Following on from post yesterday on what constitutes a policy, I set out below what are - for me - the attributes of a good policy.
1. Precision and Clarity
A very general aim can be too vague to be a policy; there has to be a certain exactness to what one wants to achieve.
Libertarianism or socialism are principles or ideologies, rather than a policy. However, the reduction of police power and the alleviation of child poverty are both sufficiently precise and clear to be policies, as well as being respective applications of libertarian and socialist principles/ideology.
A policy which disregards the appropriate evidence base is misconceived; a good policy is based as far as possible on the relevant evidence.
Of course, there are questions as to what constitutes the relevant evidence. But when there is evidence - for example, in respect of the danger of drugs, the evidence of global warming, the need for testing on animals, or the need to control foxes in the countryside - then this evidence must play a role in the formulation of policy.
This is not to say that such evidence comprises the policy or even determines the shape of the policy (as there can be other factors), but the evidence must be acknowledged and, if a policy (for any reason) appears to be contrary to the relevant evidence, then it is the duty of a policymaker to acknowledge this and explain the apparent discrepancy.
3. Transparency and Accountability
The formulation and implementation of any policy must be a transparent process, and as participatory as possible, and there must be some person who is accountable for the content and the success of the policy.
These attributes are not only likely to make a policy more legitimate (see 4 below), but they are good in themselves. Sunlight is an excellent disinfectant and policy-making is likely to be more biased and less well-informed with a closed group of policy-makers.
4. Practicality and Legitimacy
A policy must be capable of working in practice.
There is no point asking the state, or the market, or the "third" sector, to effect certain outcomes which are not possible. The history of post-war Britain is littered with both market and public sector failures.
There is also no point seeking to implement a policy which is unacceptable to the relevant constituency, especially if the policy includes financial burdens (for example, higher taxes or lower benefits) or restrictions on autonomy (for example, greater police power, or restricting the possibility of travel). In such instances, the constituency affected may simply reverse the policy before it can have any effect.
An adversely affected constituency may, however, accept burdens or restrictions if they are seen as legitimate; and so here the role of the policy-maker includes public engagement.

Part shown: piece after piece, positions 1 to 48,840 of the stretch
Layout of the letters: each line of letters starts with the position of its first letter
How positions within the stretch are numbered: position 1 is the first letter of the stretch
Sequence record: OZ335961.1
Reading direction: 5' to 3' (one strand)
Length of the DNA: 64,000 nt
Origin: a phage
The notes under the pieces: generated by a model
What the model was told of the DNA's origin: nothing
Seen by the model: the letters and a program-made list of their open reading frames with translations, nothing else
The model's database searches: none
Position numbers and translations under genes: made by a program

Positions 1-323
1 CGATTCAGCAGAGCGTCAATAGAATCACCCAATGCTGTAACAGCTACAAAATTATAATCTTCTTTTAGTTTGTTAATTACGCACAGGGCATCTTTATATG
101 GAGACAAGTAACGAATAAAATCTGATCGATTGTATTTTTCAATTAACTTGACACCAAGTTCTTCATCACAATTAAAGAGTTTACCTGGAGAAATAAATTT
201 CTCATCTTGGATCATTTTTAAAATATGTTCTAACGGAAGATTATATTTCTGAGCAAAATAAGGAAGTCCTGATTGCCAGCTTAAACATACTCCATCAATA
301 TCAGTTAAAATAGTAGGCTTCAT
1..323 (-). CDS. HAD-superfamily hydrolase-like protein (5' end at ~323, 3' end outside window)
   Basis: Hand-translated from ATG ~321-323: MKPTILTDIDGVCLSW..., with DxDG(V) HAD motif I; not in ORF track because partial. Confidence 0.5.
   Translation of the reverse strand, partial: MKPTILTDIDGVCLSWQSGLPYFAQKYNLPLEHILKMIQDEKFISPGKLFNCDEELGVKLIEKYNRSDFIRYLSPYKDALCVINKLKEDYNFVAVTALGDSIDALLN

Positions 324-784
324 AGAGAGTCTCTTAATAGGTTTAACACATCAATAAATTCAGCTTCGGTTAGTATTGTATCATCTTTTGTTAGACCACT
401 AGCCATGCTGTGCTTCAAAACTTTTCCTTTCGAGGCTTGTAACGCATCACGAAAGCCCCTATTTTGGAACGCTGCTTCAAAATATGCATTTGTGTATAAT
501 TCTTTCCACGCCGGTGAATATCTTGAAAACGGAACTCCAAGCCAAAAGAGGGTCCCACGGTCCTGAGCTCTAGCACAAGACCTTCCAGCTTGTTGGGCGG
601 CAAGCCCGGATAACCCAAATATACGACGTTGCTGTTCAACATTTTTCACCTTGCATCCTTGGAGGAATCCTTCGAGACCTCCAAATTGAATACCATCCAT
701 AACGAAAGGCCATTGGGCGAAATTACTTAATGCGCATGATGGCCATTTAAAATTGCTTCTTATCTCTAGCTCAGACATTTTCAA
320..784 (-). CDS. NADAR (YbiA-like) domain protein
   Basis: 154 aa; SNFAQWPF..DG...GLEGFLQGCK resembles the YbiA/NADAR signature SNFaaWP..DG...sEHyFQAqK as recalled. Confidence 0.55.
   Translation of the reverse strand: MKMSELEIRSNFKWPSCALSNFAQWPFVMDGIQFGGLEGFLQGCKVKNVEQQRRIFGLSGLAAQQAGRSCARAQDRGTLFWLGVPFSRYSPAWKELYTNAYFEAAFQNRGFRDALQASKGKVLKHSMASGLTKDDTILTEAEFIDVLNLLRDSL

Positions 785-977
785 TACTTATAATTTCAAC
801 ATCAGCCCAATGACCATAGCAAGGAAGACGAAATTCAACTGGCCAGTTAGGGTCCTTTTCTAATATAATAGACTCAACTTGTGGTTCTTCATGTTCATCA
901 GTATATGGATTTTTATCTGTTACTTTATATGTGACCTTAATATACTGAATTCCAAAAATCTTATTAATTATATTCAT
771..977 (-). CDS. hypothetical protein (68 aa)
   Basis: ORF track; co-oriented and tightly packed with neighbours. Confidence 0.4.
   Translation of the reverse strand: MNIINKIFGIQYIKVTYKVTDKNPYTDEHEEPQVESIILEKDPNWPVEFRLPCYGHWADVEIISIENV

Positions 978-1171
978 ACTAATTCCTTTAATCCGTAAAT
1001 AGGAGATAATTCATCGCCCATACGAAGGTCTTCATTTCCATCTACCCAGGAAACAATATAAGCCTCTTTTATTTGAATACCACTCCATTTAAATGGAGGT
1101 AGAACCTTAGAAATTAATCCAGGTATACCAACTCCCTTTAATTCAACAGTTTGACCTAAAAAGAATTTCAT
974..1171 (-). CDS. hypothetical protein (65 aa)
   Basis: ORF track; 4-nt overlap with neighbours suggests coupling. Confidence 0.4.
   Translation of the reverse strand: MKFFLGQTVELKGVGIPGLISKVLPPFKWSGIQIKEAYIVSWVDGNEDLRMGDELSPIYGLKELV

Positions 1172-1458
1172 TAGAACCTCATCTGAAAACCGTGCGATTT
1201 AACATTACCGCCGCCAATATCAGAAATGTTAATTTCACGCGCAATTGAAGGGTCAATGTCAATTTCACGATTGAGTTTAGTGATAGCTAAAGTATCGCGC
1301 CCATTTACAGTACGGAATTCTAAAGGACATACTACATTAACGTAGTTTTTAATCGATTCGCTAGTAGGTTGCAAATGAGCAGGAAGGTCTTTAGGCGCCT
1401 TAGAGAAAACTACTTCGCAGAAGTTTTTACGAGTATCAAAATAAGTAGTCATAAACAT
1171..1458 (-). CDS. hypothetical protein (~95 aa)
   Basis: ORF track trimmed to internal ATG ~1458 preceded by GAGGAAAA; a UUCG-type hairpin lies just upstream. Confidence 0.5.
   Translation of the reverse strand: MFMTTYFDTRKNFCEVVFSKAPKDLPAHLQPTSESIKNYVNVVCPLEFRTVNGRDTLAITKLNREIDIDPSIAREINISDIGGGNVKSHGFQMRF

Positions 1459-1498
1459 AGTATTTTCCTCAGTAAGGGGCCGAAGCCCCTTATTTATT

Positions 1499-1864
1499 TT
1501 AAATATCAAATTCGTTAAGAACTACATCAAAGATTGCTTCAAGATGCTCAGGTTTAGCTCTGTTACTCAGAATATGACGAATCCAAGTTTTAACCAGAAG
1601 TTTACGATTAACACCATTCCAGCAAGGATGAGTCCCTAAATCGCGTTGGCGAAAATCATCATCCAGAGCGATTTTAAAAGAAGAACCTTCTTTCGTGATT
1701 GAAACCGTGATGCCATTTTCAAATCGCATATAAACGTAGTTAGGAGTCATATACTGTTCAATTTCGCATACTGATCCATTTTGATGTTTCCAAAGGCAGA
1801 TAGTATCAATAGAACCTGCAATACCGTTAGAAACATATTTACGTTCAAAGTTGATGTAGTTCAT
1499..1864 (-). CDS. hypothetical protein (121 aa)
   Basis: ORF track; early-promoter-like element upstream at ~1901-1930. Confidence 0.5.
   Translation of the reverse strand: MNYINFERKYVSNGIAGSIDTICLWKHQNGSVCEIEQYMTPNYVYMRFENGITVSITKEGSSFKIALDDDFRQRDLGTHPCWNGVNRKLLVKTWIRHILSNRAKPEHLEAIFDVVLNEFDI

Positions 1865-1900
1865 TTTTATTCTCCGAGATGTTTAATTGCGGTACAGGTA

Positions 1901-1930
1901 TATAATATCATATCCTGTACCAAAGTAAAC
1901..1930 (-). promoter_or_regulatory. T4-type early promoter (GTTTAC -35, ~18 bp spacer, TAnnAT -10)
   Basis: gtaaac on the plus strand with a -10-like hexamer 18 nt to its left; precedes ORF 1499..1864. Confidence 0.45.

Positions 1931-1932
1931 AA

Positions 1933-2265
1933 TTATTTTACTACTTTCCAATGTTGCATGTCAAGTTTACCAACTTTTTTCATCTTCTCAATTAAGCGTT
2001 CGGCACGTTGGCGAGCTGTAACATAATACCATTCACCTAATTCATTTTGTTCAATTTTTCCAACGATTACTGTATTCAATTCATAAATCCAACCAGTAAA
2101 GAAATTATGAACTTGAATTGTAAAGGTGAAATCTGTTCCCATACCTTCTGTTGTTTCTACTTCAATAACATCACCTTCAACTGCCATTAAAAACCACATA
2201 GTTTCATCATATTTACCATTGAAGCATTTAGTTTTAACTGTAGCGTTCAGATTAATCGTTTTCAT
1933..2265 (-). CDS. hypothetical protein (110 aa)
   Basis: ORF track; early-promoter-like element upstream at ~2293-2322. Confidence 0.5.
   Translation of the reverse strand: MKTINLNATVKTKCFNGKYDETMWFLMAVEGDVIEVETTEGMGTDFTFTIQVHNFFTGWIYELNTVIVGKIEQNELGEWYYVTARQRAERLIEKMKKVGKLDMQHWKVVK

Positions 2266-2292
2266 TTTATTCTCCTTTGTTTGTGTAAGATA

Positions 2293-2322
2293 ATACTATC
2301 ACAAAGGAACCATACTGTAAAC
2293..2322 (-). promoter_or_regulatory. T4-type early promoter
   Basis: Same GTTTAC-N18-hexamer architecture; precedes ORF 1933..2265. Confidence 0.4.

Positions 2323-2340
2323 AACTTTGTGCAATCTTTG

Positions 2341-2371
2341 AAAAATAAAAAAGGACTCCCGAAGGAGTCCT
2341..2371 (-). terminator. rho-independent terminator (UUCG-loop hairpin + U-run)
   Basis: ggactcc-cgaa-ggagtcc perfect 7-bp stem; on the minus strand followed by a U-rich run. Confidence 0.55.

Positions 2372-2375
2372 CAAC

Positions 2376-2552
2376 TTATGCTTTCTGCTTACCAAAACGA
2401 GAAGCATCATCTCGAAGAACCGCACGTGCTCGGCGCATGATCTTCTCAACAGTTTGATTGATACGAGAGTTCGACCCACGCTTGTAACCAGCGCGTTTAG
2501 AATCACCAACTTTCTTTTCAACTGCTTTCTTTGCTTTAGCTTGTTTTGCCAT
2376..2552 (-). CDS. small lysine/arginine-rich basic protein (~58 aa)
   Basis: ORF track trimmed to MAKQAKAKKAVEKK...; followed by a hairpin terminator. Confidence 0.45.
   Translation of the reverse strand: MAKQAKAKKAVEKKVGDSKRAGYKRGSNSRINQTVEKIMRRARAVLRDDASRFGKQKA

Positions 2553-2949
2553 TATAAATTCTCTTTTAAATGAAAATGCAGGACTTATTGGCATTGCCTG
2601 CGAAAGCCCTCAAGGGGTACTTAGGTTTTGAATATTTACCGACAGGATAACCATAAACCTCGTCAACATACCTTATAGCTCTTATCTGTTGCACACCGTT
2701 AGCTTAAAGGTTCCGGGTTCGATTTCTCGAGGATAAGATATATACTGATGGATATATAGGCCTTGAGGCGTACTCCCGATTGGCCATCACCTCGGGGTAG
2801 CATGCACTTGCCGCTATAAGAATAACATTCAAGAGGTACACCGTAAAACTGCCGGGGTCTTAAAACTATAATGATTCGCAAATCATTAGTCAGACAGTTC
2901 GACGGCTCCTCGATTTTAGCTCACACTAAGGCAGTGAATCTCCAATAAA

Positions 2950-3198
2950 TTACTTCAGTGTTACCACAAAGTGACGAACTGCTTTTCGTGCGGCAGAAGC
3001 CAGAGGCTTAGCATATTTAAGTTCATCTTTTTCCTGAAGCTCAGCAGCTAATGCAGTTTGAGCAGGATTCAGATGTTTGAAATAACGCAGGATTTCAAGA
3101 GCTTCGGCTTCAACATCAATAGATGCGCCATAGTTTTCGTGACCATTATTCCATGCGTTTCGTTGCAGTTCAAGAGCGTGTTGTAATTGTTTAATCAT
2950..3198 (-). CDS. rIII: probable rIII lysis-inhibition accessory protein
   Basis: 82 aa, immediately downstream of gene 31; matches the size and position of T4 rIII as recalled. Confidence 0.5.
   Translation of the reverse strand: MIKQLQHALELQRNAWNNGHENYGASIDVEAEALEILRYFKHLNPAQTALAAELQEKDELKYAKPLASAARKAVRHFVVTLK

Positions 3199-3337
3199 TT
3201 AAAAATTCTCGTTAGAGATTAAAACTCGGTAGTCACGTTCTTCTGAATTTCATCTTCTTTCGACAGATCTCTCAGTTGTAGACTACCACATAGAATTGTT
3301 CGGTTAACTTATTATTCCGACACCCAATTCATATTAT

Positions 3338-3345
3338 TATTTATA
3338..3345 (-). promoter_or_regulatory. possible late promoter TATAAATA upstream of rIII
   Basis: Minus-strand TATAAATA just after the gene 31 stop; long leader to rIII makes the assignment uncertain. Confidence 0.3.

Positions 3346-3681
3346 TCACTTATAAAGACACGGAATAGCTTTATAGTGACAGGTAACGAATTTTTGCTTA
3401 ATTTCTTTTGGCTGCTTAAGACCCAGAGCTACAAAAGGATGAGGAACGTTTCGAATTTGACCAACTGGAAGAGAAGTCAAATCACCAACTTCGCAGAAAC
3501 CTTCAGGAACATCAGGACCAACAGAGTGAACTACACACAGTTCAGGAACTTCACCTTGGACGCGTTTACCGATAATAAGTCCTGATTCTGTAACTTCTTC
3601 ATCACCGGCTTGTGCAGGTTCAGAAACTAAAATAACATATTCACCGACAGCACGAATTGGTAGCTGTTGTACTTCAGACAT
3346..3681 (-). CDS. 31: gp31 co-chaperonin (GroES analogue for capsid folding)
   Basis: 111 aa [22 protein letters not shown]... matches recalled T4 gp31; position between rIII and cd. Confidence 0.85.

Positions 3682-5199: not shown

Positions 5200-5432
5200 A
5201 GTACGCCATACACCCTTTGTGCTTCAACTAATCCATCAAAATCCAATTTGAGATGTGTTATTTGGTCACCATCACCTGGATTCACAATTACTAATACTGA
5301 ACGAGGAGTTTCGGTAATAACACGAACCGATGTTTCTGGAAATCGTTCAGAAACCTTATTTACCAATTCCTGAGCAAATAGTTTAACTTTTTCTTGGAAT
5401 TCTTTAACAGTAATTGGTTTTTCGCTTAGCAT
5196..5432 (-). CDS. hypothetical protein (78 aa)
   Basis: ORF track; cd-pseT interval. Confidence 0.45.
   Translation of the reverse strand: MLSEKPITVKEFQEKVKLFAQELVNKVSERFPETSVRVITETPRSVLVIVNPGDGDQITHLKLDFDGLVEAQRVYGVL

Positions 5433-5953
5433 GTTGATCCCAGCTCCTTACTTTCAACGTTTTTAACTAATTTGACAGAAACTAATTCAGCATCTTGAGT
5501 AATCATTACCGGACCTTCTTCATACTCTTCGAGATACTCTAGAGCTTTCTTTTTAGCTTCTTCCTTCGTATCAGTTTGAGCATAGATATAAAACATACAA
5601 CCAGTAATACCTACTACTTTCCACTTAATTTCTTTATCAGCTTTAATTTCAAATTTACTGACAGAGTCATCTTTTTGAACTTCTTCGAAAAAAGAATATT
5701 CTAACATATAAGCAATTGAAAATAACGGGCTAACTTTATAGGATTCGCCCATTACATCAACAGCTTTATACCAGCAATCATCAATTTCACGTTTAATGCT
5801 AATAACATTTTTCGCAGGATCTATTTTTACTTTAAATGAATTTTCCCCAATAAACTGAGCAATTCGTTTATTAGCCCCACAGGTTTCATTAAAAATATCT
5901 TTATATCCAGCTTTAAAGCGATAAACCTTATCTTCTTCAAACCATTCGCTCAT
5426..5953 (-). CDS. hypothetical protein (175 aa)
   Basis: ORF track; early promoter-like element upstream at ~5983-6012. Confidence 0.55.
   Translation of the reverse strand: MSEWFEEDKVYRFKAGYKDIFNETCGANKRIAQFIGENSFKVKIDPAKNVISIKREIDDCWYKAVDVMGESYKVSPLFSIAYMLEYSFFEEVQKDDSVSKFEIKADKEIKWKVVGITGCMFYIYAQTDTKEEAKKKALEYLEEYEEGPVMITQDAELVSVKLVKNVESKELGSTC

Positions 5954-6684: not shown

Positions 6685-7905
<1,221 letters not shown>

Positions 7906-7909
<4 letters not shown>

4. Non-reliance on Coercion
Although a policy may require legal coercion, this should always be kept to the minimum.
Legal coercion - the use of prohibitions and sanctions - is a necessary part of regulating society, but it is a blunt method of policy implementation when used by itself.
As I mentioned yesterday, law is only one of many means for implementing a policy: others include decision-making, rule-making, guidance, circulars, advertising, campaigning, persuasion, allocating resources, prioritisation, showing leadership, and so on.
A policy should go no further than necessary to achieve the desired outcome, and the policy-maker should be mindful of the potential wider impact of a policy.
For example, a policy regarding terrorism or anti-social behaviour should not infringe on the rights of individuals more than is required than to achieve the policy.
There should always be the means of contesting a policy, and one should never seek to close down a debate about policy.
Policies are simply not like peer-reviewed scientific papers. The consensus of experts will not make a policy either workable or successful, even if there is an entirely valid consensus as to the relevant evidence.
Policy-makers can - and do - get things wrong. The policy thereby should always be open to challenge, and even rejection, even if the relevant evidence cannot itself be sensibly disputed. This is especially so when the implementation of the policy involves burdens and restrictions on individuals.
My intention is not to put forward vaporous "apple pie" criteria; instead, I am seeking to open up a discussion about what is good (and bad) policy-making.
And, as blogging and web-based participation becomes more popular, I am also trying to see whether there can be any useful influence by bloggers and others on policy-making (and thereby law-making) rather than the (for me) often inconsequential struggles between various pundits and politicians.
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